Macroeconomics For Dummies
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Economics is often split into microeconomics and macroeconomics. Microeconomics
is the study of individual and firm behavior, and macroeconomics is the study of the economy as a whole. Decades ago they were very different fields with different ways of doing things:
  • Microeconomics stressed the importance of modeling individuals and firms as optimizing agents. This means that when people and companies make choices, they consider all possible options and then choose the one they prefer most. Economists say that individuals maximize their utility and firms maximize their profits.
  • Macroeconomics often uses models that are less rooted in strict optimizing behavior. The reason, in part, is that the outcome of an aggregate variable such as aggregate consumer spending across all households or aggregate investment spending across all firms is not the outcome of one optimizing consumer or business person, but many. Unless all households and businesses are the same — what macroeconomists call a representative agent — the aggregate behavior may be hard to derive as the result of a strict optimization exercise. So, macroeconomists have often used models that seemed reasonable if not formally optimal and that seemed to capture the basic features of the economy.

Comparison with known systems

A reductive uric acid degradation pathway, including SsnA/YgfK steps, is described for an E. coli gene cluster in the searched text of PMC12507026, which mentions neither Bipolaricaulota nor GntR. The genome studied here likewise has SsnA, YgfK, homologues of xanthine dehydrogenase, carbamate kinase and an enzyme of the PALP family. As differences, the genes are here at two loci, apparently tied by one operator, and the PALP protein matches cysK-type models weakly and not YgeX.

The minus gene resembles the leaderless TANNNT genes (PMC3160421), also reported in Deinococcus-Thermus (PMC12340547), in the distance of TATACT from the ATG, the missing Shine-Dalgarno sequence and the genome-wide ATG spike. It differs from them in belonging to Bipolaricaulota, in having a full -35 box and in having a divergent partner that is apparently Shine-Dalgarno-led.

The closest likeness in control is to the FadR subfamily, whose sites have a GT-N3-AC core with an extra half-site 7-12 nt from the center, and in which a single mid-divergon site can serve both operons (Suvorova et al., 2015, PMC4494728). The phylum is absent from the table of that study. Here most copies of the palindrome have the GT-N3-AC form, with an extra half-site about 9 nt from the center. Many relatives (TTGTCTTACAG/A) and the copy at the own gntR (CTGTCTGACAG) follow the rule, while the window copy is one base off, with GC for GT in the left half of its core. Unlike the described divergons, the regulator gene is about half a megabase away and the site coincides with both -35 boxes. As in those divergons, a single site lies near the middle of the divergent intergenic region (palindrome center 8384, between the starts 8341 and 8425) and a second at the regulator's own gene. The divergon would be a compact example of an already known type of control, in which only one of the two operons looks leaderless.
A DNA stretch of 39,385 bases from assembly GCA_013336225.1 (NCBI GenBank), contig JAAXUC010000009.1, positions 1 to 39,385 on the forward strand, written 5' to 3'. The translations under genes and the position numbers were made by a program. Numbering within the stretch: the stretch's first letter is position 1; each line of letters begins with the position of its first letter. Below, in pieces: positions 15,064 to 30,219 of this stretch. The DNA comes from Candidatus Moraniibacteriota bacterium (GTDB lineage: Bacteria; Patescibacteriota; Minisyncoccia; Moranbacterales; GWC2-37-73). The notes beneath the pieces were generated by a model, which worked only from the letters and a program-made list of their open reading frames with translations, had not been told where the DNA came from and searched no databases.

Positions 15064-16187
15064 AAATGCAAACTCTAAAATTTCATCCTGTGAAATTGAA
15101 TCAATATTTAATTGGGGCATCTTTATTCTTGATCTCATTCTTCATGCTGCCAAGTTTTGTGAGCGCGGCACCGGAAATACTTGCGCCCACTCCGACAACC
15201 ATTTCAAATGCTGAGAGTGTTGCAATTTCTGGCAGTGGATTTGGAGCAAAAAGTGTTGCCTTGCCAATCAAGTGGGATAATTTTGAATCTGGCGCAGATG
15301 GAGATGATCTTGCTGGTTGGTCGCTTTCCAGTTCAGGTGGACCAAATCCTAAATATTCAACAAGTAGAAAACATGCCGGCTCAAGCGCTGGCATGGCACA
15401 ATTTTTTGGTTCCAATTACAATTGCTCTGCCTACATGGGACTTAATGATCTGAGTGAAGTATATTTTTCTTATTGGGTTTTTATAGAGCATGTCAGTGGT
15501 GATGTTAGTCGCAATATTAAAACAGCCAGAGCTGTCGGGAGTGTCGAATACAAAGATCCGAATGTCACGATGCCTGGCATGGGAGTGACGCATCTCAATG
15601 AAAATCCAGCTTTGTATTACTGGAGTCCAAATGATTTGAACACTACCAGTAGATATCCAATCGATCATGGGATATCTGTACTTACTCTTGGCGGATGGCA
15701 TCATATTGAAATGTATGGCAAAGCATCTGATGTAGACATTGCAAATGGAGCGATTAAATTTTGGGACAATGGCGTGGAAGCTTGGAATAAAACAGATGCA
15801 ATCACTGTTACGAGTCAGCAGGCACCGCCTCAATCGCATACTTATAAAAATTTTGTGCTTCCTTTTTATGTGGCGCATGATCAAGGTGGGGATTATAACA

This modeling approach, though, runs the danger that one will just adjust the model in a “reasonable” way every time the model mispredicts. As a result, this approach can seem a bit ad hoc. Not happy with this situation, many economists felt that because the economy is made up of millions of interactions between individuals and firms, macroeconomic models should have as their building blocks microeconomic foundations — so macroeconomic models (explicitly or implicitly) should have optimizing agents within them. In short, most economists now feel that good macroeconomics should be based on sound so-called microfoundations.

About This Article

This article is from the book:

About the book authors:

Daniel Richards, PhD, is a professor of economics at Tufts University. He received his PhD from Yale University.

Manzur Rashid, PhD, has taught economics at University College London and Cambridge University.

Peter Antonioni is a senior teaching fellow at University College London.

Daniel Richards, PhD, is a professor of economics at Tufts University. He received his PhD from Yale University.

Manzur Rashid, PhD, has taught economics at University College London and Cambridge University.

Peter Antonioni is a senior teaching fellow at University College London.

Daniel Richards, PhD, is a professor of economics at Tufts University. He received his PhD from Yale University.

Manzur Rashid, PhD, has taught economics at University College London and Cambridge University.

Peter Antonioni is a senior teaching fellow at University College London.

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